We don’t like telling anyone to wait, because, to be perfectly candid about it, we’re in business to make money. We don’t do that by NOT taking or filing cases – but – and this is a big “but,” we also guarantee to win every case we take. If we don’t win the first time around, then we’re obligated to stick with it, and do it all over again next year, without charging further legal fees.
For as much as we don’t make any money by holding off on filing a case, we also don’t don’t make a profit by taking a case, losing, and then having to re-do the whole thing for free a second time, either.
I point this out because we have every interest in taking and filing cases that are otherwise qualified as soon as appropriate, but appropriate, in the sense it’s used here, means able to win, and not handicapped by being filed too soon, before someone has accumulated enough voluntary sobriety time.
At the end of the day, and after having handled and won thousands of license appeal cases, my team and I have finely-tuned instincts, and just know when it’s right to go ahead with a Michigan driver’s license restoration or clearance appeal, and when it’s better to wait.
We want to get to work as soon as we can, but our guarantee is a safeguard against rushing ahead too soon, only to lose, and have to wait another year to do it all over again, as “warranty work.”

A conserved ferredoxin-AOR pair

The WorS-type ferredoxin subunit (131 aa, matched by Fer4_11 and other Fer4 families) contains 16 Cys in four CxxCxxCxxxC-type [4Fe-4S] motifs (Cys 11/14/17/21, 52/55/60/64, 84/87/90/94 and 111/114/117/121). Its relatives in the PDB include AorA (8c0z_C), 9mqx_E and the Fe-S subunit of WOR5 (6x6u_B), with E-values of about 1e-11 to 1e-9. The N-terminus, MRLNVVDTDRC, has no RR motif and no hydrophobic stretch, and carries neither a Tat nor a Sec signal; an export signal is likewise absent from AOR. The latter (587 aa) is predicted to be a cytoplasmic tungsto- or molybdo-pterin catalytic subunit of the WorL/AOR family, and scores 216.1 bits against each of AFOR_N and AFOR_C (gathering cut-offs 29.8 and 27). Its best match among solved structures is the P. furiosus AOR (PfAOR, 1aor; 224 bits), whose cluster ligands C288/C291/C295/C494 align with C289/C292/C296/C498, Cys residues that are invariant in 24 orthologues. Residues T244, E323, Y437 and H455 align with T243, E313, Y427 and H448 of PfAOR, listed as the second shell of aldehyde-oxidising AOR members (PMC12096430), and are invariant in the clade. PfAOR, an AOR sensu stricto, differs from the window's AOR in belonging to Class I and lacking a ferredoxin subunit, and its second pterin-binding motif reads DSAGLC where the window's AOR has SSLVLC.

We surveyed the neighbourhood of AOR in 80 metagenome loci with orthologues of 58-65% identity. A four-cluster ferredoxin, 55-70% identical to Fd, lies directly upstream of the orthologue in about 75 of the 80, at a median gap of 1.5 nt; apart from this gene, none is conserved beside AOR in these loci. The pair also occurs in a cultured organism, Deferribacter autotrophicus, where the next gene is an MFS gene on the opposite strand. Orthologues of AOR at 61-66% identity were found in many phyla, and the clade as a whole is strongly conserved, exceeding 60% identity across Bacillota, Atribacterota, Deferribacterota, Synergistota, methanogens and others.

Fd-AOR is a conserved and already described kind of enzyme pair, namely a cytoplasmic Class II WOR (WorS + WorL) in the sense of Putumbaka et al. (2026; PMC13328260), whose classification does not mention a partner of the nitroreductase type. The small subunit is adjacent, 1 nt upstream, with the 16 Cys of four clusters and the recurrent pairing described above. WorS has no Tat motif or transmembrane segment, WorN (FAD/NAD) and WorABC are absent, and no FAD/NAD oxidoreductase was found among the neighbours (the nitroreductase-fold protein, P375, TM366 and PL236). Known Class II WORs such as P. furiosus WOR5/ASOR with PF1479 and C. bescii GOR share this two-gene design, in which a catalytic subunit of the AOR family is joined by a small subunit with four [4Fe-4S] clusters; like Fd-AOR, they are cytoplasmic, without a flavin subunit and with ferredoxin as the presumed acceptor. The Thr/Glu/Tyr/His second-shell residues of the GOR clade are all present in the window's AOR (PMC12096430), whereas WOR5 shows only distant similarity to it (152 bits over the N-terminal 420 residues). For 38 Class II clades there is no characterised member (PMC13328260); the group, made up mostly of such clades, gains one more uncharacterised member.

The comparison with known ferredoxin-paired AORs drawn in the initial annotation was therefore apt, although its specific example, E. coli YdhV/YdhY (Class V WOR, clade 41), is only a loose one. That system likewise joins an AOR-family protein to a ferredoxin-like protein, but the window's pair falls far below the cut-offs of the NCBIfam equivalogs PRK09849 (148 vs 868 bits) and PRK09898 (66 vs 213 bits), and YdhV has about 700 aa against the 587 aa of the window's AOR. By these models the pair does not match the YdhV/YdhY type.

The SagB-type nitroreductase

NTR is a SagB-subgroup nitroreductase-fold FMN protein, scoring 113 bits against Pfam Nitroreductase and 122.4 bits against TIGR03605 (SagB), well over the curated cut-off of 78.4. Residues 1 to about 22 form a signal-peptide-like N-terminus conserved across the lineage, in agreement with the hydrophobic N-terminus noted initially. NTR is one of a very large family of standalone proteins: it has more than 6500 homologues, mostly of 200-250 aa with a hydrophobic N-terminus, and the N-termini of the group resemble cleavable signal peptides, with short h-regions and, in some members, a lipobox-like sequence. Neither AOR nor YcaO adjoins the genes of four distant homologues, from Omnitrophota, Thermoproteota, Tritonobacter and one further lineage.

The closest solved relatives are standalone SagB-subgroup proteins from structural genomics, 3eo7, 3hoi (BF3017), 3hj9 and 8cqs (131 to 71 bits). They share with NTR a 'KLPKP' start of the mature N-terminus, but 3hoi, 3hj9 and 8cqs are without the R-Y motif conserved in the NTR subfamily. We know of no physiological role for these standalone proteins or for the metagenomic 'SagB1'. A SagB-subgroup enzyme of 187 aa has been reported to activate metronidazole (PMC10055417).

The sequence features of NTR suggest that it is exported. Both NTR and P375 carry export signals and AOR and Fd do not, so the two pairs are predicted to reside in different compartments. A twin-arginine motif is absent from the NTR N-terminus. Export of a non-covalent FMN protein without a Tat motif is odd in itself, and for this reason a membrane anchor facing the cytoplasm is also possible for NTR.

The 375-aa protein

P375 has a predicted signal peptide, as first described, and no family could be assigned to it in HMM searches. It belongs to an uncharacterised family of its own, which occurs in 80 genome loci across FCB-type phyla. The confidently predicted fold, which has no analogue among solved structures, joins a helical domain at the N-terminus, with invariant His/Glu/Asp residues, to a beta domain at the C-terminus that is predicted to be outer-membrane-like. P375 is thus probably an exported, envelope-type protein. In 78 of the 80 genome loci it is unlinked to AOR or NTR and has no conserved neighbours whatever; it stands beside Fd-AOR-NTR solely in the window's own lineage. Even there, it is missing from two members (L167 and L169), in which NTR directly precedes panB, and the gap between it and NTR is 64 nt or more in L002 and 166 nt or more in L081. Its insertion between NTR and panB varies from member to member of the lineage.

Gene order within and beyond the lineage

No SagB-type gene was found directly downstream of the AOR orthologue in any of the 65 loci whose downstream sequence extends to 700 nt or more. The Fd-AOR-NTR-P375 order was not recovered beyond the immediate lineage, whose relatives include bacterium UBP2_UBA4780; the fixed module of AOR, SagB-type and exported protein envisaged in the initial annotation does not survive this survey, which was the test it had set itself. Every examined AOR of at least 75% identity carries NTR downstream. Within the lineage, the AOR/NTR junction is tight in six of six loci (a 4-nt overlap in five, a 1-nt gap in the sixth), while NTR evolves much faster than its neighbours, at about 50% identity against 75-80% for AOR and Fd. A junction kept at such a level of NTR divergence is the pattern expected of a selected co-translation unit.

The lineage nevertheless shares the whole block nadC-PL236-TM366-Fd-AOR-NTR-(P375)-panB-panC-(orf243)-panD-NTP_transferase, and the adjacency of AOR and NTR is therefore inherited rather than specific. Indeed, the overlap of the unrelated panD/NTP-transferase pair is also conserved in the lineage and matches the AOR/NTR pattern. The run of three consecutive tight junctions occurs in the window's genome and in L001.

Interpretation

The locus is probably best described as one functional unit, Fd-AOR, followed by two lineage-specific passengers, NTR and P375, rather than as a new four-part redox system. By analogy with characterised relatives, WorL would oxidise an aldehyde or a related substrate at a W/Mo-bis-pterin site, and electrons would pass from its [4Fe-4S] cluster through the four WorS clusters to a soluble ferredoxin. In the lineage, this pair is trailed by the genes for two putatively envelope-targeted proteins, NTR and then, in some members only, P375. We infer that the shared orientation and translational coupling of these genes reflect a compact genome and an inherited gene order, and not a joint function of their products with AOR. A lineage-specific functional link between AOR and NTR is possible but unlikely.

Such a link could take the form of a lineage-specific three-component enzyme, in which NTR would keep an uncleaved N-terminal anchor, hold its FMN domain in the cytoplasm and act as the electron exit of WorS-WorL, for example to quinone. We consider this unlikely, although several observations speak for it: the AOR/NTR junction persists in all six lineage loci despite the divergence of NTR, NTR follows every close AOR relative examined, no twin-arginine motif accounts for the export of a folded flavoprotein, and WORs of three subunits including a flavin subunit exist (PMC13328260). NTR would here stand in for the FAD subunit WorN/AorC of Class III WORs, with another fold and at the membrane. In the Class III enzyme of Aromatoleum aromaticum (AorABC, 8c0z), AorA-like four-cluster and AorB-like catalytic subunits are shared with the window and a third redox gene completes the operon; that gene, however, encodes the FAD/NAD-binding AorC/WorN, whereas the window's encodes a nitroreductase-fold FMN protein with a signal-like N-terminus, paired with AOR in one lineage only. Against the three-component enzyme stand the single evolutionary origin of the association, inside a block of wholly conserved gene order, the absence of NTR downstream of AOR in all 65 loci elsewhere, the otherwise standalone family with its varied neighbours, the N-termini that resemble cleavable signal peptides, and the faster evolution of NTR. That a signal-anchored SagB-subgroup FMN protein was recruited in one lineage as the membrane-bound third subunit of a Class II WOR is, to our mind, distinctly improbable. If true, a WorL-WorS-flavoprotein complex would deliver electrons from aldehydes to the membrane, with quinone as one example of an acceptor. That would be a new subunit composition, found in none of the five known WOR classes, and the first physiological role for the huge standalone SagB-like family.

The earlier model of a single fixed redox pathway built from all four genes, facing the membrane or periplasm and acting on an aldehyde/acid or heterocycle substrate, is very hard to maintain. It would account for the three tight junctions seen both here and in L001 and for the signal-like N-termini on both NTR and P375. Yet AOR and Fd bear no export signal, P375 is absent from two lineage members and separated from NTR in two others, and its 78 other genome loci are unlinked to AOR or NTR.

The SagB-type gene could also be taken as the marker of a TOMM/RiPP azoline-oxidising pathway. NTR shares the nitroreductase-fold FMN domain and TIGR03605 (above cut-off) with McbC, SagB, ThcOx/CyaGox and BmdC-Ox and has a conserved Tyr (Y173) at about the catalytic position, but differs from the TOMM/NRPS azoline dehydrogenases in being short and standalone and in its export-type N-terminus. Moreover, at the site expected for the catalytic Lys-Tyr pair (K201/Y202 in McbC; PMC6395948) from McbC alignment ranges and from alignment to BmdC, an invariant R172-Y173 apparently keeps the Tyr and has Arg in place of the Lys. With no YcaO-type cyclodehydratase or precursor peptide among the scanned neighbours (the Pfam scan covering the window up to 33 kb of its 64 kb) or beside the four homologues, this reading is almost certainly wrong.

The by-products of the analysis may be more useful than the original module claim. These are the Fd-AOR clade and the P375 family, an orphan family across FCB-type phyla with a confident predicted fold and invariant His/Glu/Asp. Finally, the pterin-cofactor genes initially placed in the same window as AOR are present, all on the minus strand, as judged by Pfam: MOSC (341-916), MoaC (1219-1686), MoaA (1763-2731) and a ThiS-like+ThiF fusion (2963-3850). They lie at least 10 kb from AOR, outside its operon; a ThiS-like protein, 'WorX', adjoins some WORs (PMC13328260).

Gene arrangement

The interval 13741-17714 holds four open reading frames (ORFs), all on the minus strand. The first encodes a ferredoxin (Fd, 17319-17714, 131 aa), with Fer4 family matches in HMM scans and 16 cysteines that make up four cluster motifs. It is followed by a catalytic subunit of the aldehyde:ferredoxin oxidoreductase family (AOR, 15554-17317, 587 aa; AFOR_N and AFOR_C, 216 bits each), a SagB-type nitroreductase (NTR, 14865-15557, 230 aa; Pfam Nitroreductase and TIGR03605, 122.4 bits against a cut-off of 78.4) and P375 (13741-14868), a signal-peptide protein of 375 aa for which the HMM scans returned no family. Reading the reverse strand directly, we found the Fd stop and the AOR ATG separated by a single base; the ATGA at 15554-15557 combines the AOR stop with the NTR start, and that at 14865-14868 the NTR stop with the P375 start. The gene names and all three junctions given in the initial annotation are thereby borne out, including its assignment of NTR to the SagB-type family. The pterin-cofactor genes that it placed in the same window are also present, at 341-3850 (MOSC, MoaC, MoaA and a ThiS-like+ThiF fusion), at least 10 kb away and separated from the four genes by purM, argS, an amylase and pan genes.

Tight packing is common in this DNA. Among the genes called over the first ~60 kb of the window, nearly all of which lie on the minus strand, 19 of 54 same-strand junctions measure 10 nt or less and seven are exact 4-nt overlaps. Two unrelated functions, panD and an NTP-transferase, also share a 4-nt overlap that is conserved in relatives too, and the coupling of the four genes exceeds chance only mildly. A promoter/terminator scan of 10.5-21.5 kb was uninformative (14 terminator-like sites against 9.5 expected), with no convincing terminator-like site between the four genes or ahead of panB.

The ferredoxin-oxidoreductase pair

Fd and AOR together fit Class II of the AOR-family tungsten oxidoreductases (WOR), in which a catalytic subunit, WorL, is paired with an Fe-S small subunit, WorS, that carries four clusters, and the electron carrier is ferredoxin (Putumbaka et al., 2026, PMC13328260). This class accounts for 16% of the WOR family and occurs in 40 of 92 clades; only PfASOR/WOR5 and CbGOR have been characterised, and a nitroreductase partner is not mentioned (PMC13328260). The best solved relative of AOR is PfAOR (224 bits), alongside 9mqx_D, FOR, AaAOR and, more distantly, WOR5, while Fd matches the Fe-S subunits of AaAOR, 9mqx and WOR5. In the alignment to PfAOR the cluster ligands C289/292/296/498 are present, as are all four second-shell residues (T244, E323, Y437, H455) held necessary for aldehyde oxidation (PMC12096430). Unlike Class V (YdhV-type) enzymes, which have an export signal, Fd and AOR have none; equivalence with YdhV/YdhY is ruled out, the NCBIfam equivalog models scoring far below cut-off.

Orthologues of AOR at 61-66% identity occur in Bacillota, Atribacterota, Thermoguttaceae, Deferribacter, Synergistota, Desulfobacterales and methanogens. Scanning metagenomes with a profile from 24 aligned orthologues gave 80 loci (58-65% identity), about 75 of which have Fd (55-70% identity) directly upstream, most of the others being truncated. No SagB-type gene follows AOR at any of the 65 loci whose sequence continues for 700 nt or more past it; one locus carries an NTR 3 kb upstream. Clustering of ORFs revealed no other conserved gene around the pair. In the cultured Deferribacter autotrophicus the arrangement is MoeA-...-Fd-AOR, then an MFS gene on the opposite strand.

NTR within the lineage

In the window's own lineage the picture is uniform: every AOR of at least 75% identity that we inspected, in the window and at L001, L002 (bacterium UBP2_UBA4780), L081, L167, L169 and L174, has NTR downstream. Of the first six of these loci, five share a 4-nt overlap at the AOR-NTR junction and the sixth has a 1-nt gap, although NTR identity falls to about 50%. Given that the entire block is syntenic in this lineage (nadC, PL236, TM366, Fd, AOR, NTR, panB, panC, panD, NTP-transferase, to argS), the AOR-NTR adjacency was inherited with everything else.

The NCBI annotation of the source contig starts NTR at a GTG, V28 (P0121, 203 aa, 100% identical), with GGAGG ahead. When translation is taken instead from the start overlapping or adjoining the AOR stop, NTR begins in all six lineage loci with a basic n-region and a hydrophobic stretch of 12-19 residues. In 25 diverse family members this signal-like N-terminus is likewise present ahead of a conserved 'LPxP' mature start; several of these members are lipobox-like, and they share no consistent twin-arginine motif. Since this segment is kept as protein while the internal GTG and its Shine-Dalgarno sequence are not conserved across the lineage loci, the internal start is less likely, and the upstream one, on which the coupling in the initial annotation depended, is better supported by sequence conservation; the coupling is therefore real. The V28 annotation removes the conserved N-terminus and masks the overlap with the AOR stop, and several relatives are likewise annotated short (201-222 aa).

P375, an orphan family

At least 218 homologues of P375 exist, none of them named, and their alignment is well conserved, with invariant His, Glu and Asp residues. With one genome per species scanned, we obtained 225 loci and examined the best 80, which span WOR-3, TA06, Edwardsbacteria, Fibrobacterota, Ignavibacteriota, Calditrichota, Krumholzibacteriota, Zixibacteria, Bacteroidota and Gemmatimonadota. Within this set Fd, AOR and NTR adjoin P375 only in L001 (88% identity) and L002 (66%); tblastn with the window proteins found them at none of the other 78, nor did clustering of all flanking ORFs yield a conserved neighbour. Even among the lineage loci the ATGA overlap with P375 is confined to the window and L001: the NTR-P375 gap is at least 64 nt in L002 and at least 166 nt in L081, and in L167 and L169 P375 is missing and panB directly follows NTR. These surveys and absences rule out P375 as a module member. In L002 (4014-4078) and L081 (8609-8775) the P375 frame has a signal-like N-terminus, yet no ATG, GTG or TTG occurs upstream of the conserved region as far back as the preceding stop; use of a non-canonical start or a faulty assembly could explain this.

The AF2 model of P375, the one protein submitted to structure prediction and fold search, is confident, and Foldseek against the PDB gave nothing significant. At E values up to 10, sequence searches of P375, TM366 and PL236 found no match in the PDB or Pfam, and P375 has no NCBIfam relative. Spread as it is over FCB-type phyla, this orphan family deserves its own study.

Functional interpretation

If you’re looking for a lawyer to win back your license or obtain the clearance of a Michigan hold on your driving record so that you can get a license in another state, be a smart consumer and read around. Pay attention to how different lawyers explain the license appeal process, and how they describe their various approaches to it.
When you’ve done enough of that, start checking around. You can learn a lot by talking to a live person.
All of our consultations are free, confidential, and done over the phone, right when you call. My team and I are very friendly people who will be glad to answer your questions, explain things, and even compare notes with anything some other lawyer has told you. Our firm can handle your case no matter where you live.
We can be reached Monday through Friday, from 8:30 a.m. until 5:00 p.m. (EST), at either 248-986-9700 or 596-465-1980.